If your 2021 resolutions include chasing down some big running goals, you need to make sure that you recover from workouts and stay healthy. Physical therapy can address your specific recovery needs and help you strengthen your weaknesses.
Here are some physical therapy adjustments you might receive from your therapist to help you reach your running goals in the new year.
A Balanced Approach
Although our bodies are designed to run, our biomechanics imperfections and the stuff we do when we aren't running can cause injuries and inhibit recovery.
- Gait Analysis: A physical therapy session can involve a short run on the treadmill. While you run for a few minutes on the treadmill, your therapist will capture high-resolution video. Once the video is captured, your therapist will use sophisticated biomechanics software to pinpoint inefficiencies in your stride and foot strike. For instance, they might note that your right knee collapses slightly more than your left knee or that your hips are over-rotating. They can then create physical therapy exercises to correct the inefficiencies they note. These physical therapy exercises can be completed during your visits, or before and after you run.
- X-Ray Adjustments: A chiropractor can make precise adjustments to your skeletal system. This process starts with a series of x-rays and 3D imaging to highlight the parts of your skeletal system that are out of balance. For many runners, this often includes imbalanced hips and lower back vertebrae. Once your chiropractor corrects the imbalances, they can show you how to use tools like foam rollers and massage guns to keep your skeletal system balanced between your visits.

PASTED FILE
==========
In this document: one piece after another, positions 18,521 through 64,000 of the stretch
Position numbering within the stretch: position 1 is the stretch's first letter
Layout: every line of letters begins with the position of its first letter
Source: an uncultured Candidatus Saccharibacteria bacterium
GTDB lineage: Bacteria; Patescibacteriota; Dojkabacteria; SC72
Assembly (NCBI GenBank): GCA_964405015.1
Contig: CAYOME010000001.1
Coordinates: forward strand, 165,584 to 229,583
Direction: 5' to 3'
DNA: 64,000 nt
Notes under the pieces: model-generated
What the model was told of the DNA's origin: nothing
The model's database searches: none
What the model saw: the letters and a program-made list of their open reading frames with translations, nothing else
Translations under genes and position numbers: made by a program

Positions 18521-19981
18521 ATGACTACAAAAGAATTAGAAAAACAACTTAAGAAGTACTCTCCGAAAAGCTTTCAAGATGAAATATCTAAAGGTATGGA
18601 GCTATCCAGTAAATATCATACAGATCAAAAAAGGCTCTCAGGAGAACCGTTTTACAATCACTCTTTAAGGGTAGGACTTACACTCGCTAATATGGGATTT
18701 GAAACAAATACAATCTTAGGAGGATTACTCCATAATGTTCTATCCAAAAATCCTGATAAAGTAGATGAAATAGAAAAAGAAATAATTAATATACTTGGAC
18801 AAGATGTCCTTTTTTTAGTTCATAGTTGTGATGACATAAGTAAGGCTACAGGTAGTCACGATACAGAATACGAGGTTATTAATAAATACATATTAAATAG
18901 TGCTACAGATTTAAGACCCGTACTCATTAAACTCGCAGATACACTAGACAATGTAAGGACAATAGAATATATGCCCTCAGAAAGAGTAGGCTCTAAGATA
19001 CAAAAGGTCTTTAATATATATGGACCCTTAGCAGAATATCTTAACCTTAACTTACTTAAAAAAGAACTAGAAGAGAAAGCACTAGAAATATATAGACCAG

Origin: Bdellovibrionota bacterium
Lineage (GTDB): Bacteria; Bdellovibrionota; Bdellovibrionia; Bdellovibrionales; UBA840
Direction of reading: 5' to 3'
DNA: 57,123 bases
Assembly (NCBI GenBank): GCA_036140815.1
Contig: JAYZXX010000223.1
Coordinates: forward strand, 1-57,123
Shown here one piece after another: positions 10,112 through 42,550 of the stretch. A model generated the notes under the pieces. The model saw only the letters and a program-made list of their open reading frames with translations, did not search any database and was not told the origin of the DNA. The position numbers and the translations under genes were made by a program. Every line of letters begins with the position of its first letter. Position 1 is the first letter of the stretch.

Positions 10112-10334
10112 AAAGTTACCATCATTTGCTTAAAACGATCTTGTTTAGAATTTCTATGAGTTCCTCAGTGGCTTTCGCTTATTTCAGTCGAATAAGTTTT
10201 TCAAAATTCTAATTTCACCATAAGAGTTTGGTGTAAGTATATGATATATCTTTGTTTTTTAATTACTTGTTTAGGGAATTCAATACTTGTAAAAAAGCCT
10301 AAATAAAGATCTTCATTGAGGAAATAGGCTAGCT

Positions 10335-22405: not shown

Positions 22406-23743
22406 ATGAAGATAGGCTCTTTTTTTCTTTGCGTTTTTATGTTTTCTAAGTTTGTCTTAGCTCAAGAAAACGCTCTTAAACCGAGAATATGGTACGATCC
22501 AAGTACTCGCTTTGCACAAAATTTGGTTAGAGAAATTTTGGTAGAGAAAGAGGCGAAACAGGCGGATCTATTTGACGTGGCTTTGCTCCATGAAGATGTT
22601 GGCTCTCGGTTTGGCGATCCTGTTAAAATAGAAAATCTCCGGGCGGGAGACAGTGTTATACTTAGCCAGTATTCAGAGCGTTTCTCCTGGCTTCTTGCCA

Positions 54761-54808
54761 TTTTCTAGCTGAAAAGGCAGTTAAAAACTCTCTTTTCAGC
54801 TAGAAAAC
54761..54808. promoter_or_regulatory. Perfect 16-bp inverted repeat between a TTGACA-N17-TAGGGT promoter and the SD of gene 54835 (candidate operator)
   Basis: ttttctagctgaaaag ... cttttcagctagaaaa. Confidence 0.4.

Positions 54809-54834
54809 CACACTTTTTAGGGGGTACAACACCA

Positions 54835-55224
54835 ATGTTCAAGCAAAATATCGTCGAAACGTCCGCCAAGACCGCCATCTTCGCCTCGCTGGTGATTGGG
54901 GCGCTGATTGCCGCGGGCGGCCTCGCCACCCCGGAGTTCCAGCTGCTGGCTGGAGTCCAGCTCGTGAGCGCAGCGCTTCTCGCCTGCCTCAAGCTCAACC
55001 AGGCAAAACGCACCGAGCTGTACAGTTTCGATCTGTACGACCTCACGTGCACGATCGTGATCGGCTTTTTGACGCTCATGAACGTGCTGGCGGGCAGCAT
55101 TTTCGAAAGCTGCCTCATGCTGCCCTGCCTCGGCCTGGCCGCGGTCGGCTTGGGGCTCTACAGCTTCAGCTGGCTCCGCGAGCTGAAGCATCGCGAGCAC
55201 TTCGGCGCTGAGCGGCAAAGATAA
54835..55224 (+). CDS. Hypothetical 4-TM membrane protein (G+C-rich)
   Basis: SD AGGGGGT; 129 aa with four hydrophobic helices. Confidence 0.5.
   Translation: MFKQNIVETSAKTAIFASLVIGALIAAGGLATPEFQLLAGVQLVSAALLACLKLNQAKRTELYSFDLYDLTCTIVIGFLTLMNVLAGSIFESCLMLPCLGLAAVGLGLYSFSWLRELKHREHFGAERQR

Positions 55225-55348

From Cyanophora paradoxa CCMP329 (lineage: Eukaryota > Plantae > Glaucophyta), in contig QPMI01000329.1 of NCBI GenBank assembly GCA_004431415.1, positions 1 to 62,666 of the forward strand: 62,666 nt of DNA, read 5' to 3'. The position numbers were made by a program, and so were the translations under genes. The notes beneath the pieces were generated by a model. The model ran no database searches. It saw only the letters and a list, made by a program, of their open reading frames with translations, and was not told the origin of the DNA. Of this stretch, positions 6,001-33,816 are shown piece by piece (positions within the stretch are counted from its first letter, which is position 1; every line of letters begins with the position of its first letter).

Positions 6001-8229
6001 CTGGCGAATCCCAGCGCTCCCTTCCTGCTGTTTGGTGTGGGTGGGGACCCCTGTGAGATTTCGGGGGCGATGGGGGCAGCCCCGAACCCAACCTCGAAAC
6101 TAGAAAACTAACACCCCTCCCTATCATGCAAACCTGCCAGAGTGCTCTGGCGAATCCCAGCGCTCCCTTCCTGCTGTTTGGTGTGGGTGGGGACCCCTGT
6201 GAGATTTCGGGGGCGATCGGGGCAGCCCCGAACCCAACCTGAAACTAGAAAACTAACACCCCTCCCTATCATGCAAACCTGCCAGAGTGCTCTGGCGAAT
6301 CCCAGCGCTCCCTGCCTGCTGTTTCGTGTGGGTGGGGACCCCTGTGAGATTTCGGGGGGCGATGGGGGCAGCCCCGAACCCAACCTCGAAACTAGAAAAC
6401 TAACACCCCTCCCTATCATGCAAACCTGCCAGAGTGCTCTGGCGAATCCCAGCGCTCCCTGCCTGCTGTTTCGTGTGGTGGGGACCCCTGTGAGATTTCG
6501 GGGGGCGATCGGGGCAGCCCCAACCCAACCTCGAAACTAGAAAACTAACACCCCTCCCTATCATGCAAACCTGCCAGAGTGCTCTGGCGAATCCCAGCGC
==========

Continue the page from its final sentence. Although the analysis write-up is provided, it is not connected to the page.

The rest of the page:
An Approach to Balance
Efficient distance running requires optimal mobility and flexibility. Your physical therapist can help you make adjustments to your stretching and warm-up routines, to better prepare your body for exertion.
- Active Release Therapy (ART): Muscles have two types of isometric contractions—eccentric and concentric. Concentric muscle contractions occur when your exerting force (pushing off the ground, lifting your knee, pumping your arms, etc.). During concentric contractions, your muscles are shortened. This means that your muscles and tendons will be less mobile and flexible during concentric contractions. Your physical therapist can show you how to use ART and eccentric muscle contractions to improve your flexibility and mobility. ART sessions involve a stretching rope and a series of movements that involve tensing your muscles and releasing them. For runners, ART can improve recovery and increase balance/coordination.